One verification firm’s user-base data showed a 10x–17x surge in deepfake incidents, in tandem with increased AI democratization and adoption.

In data analysis based on 2022/2023 aggregated and anonymized verification statistics on millions of clients from 28 worldwide industries and from around 2m fraud incidents, an identity/business verification platform has reported some findings on identity fraud and deepfake trends.

The data for Asia Pacific region (APAC) had shown a 1,530% surge in deepfake cases from 2022 to 2023, and growing sophistication in scams and money laundering cases globally.

Other key findings include:

    • From 2021 to 2023 data, clients from Indonesia, Hong Kong, and Cambodia were shown to have witnessed a more-than-two-fold increase in identity fraud. In the same period of analysis, Japan, Australia and Thailand clients had fraud rates at under 2%. Also in this period, online media was the industry with the highest identity fraud increase (274%)
    • 2023 data showed Bangladesh (5.44%) and Pakistan (4.59%) clients having the highest fraud rates in both APAC and the world. Data from Singapore showed a low fraud level of 0.89%.
    • From 2022 to 2023 data a 10x increase was noted in the number of deepfakes detected globally across all industries. Regionally, the surge was 1,740% in N. American clients, 1,530% in APAC clients, 780% in Europe (including UK) clients, 450% in MEA clients, and 410% in Latin American clients.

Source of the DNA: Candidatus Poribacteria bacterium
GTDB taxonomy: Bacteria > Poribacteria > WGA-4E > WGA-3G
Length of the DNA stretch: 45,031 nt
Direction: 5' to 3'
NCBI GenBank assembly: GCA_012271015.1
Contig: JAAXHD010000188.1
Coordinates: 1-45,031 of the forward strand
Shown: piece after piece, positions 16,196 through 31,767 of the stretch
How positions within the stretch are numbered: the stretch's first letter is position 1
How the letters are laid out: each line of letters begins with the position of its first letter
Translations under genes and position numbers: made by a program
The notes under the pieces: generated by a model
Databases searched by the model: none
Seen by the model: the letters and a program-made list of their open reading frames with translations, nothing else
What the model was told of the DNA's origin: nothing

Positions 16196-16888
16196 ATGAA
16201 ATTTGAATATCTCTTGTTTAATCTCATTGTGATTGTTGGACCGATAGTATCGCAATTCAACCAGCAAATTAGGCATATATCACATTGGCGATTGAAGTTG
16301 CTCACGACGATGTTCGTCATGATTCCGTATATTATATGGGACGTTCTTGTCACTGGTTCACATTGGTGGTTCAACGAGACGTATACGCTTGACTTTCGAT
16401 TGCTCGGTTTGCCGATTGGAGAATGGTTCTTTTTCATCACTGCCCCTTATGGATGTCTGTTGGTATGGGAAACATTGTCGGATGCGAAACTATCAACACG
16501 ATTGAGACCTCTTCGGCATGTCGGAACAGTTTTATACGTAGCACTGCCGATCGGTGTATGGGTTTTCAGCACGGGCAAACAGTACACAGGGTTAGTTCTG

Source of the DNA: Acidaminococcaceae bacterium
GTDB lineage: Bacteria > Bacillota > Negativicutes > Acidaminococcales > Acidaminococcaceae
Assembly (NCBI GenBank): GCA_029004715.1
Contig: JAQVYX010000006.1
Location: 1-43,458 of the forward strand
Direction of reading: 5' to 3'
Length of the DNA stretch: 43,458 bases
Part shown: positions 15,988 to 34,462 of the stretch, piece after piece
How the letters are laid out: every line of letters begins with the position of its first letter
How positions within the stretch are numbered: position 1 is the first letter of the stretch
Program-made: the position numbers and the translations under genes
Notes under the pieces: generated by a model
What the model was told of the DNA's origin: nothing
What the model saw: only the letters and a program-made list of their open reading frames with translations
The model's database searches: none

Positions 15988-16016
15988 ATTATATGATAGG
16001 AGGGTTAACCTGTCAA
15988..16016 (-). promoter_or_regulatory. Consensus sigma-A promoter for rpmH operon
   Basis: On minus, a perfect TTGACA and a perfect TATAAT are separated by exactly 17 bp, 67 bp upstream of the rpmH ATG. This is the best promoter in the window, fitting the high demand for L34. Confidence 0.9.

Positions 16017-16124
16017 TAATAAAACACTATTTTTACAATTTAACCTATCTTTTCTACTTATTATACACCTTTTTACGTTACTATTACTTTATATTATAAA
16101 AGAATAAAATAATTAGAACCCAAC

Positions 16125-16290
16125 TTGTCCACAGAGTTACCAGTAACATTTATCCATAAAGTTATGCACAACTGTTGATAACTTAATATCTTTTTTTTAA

• For 2023, data showed that the top five identity fraud types are: AI-powered fraud; money-muling[networks; fake IDs; account takeovers and forced verification.

The impact of AI on identity fraud

From the data, AI-driven fraud was noted as the most prominent challenge across various industries. The main target was the cryptoindustry,accounting for 88% of all deepfake cases in the 2023 data, followed by fintech (8%).

In APAC, data for Vietnam (especially due to its rapidly growing digital economy and increasingly digital-savvy population) and Japan clients (especially in the entertainment sector) ranked the highest in terms of deepfake fraud.

According to Penny Chai, Vice President (Business Development), Sumsub (APAC), which disclosed its data findings: “The key to ensuring that AI contributes positively to society lies in the establishment of robust regulations and policy guidelines. These measures are crucial for creating an environment conducive to responsible technology use.”

To combat the prevalence of AI-powered fraud, governments have been introducing measures and regulations reactively and then proactively.